The Jamaican Yellow Boa is endemic to Jamaica, is the island's largest native terrestrial predator and, as with all species in the Boidae family, kills its prey by constriction. What are we really saying? The Jamaican Yellow Boa is NOT poisonous! Indeed, none of Jamaica's 7 extant species of snakes is poisonous. Not only is the boa not a threat to humans, it's actually extraordinarily beneficial. Rats are a major component of the boa's diet in forest edge / farm habitat, so when a farmer finds one coiled in a coffee tree or banana plant, it's digesting a meal which would have otherwise damaged their crops. If you're lucky enough to have a wild boa take up temporary residence in your house, as we are periodically, you will find that your rat problem magically goes away.
Unfortunately, most Jamaicans are not as thrilled with the idea of having a boa in their house! The traditional Jamaican antipathy to reptiles (in general) and snakes (in particular) is a serious problem in their conservation. In the absence of an education programme, snakes are killed on sight. And when we say "killed," we mean but good: chop it with a machete, drive over it with a truck and then back-up to squash it a second time, pour rum over it and set it ablaze. This intense persecution of such a benign and beneficial animal, coupled with continuing habitat loss and fragmentation of remnant forest patches, is a serious threat to Jamaican Yellow Boa populations.
During her research on the breeding biology of Black-billed Parrots, Susan identified that boas were a major cause of nest failure... or to look at the other side of the coin: parrots are an important food resource for boas. Nature is in balance and we respect all components of the web of life. Local farmers, however, were not so keen and immediately offered to continue killing all boas. Indeed, Susan and her crew periodically encountered chopped boa carcasses in the forest. We realized people were killing snakes for a number of reasons, including a mis-informed fear that boas were poisonous, the Bible told them snakes were evil, and they had no knowledge that boas could be beneficial to their farm crops. So we began an informal education campaign, where if someone finds a boa they could come and tell us and we will capture the animal. This gives us the opportunity to show people that it's OK to touch a snake (we usually ask the "obnoxious young man" at the back of the crowd to help us hold the snake -- sexism is great, if Susan can touch a snake, the young man has to defend his manhood!) and to talk with people about the benefits of boas. After we collect various data of the snake, we return it as close as possible to its point-of-capture (its home territory). As Miss Herma says, "She never love de s-nake like Miss Susan, but she keep her cutlass down now when she see one: him no trouble her."!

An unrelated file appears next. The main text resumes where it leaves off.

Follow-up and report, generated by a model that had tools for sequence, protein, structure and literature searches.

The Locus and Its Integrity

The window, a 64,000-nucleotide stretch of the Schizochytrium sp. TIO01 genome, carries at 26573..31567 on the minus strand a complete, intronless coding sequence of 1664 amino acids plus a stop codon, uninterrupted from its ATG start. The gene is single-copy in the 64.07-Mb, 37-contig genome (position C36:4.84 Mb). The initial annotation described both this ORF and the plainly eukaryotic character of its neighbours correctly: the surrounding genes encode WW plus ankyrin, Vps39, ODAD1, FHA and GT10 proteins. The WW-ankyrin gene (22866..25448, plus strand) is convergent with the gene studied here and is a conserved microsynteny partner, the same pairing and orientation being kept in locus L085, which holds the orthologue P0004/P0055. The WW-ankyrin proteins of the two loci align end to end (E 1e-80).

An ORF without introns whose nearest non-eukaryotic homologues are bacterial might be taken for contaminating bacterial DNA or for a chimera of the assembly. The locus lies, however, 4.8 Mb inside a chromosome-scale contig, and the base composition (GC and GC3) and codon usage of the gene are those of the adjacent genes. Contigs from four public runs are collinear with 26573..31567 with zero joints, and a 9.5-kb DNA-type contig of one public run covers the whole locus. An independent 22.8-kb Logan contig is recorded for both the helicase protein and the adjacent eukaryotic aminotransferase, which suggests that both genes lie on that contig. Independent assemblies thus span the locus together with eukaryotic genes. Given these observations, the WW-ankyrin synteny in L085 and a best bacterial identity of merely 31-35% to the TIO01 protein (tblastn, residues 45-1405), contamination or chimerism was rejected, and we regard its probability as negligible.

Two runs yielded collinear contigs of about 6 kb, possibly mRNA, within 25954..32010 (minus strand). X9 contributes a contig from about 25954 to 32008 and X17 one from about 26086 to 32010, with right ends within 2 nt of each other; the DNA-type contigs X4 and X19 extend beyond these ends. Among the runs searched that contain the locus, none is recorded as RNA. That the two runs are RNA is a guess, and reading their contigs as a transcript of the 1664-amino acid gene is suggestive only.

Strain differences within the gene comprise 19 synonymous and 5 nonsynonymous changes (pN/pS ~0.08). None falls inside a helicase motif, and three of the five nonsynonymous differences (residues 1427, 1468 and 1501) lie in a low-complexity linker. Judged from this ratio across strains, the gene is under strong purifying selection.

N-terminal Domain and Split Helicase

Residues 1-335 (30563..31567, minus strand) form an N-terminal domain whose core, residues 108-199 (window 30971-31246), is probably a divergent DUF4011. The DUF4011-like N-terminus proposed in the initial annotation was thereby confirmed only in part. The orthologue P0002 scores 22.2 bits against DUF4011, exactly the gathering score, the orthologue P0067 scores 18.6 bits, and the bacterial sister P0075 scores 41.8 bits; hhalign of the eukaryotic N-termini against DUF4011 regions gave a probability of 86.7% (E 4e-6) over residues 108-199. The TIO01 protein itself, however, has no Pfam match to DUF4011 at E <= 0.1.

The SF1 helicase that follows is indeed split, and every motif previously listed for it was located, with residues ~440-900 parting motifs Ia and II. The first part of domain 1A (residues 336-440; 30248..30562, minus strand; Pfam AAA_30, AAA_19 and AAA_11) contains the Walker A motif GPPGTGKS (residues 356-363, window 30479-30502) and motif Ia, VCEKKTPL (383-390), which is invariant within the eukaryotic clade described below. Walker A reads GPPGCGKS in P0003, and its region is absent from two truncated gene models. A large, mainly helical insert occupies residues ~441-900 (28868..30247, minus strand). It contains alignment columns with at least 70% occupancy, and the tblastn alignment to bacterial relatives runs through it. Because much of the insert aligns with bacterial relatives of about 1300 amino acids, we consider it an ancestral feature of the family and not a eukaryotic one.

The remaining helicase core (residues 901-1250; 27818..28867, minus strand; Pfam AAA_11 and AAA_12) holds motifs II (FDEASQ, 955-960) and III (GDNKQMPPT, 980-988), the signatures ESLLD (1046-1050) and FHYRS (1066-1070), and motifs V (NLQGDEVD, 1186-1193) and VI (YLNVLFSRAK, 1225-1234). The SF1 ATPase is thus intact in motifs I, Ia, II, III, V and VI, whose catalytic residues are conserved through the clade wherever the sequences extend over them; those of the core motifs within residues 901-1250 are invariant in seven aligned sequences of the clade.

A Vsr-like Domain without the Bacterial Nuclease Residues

Windsor and, more generally, Cockpit country, is one of the few remaining strongholds for this endangered snake, and we are certainly pleased with our communities change in attitude over the last few years.
Benny and Bingy help out with measuring a small boa
You can see here the iridescent scales on the head
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We are finding that there may be a pattern emerging, as regards the sex of the boas we capture, by time of year and their position in the habitat (eg increase in encounter rates with gravid females basking on the ground), though our sample size is still small.
Telemetry research on habitat use is definitely needed.
After weighing and marking, we normally release the animal back in the same area that we find it. See photo on left: the Boa clearly has no problem climbing even this smooth-trunked tree. In one case we moved the animal to about 500 m from the quarry where we intervened in time to stop it being killed (and had a very good dialogue with the quarrymen!).
It was, however, recaptured the following week back in the same quarry and we had to pay the finder's fee (of about US$10) again: at least the snake was not killed, and we were able to reinforce our message (see photo on right)!
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